I started to read a novel once about a woman whose husband died and how she ate a lot of ice cream. While it is easy in the face of loss to not take care of ourselves, this is the time when we need to somehow find the energy to do just that. No matter if a loved one has died or we are coping with the end of a relationship, we must take care of ourselves.
Grief is not just emotional, it's also physical. It takes a toll on our bodies as much as it does our emotions (and our spirituality). It uses a lot of energy to cope with the loss, to get used to a new life. We find we are tired a lot of the time and we lack the energy to do things like grocery shop or make meals.
It's going to take a little more work but the benefit in the later will far outweigh the energy you have to push yourself to put into making better meals. As I continue to write this blog, look forward to recipes that will help you keep your energy at a peak level so you can grief the loss while still being present in your life.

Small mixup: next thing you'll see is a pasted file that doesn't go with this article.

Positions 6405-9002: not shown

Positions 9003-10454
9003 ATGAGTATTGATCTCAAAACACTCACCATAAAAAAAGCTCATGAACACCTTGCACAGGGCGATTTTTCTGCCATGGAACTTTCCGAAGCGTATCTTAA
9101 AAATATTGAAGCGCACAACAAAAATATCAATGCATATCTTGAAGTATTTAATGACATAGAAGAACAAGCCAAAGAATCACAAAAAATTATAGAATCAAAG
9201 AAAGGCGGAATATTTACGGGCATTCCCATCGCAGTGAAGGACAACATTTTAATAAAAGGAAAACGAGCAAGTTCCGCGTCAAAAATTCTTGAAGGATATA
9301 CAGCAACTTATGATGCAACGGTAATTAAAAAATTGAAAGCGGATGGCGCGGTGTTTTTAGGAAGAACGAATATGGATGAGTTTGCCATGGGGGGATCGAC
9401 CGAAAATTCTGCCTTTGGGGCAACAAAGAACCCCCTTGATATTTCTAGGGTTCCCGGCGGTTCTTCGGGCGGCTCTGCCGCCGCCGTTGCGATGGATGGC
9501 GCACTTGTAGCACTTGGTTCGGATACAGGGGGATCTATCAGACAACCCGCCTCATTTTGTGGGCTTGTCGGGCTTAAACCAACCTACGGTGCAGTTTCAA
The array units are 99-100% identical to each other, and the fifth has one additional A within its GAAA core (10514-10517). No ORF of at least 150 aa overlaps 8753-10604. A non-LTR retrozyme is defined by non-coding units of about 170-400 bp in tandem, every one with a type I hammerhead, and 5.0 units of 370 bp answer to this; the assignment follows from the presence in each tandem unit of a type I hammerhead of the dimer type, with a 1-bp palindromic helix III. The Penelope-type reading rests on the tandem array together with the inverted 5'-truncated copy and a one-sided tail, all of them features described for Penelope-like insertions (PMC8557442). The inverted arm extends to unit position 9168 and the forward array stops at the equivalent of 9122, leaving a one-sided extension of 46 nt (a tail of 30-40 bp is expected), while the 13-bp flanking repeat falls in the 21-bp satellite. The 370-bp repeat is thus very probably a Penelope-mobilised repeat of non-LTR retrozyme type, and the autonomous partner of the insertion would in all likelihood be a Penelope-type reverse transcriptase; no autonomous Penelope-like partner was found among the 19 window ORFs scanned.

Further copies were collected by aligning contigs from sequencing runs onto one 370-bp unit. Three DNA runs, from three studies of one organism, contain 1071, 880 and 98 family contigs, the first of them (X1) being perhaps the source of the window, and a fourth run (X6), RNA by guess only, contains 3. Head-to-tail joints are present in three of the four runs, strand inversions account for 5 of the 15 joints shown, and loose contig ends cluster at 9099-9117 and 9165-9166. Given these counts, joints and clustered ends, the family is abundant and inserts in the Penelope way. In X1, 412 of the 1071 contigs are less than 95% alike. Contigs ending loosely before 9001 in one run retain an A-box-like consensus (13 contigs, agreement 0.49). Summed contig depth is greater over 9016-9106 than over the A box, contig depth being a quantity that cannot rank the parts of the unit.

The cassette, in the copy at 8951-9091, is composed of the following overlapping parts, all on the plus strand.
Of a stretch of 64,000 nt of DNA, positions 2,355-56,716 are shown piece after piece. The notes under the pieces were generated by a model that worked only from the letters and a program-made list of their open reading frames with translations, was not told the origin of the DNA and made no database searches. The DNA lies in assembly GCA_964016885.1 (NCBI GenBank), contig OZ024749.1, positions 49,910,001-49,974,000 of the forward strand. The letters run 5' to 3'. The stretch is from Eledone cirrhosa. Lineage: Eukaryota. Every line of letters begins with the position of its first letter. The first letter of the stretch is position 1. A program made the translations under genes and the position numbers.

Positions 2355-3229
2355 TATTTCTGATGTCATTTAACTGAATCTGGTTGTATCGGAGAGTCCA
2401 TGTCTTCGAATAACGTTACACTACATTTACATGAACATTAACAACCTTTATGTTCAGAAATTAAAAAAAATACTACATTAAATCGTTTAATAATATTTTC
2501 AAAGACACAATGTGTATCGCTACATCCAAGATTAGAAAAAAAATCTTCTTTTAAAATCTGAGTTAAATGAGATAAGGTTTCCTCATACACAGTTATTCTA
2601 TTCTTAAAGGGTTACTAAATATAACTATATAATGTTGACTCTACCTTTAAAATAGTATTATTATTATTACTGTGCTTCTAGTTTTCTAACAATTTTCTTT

And all those people who have asked you how they can help? Ask them to help you eat healthy: to bring over healthy foods, to give you a hand in making healthy meals. You're giving them an opportunity to help you while they also will be helping themselves.
Don't succumb to the half gallon cartons of ice cream. They are a good treat but not something for dinner every night. You owe it to yourself to go forward (which doesn't mean you forget who or what you have lost). Life is about being present now and the more you do that, the more peace you will find.
I have been using this recipe from Martha Stewart for an afternoon smoothie. I make it with cherries instead of mixed berries and sometimes I'll add unflavored protein powder. For me, afternoon snacking is a challenge and having something that fills me up and gives me more energy is just what I need. Don't freak out that it's tofu! It has no flavor which makes it a great protein source when mixed with other ingredients. Check out the recipe here.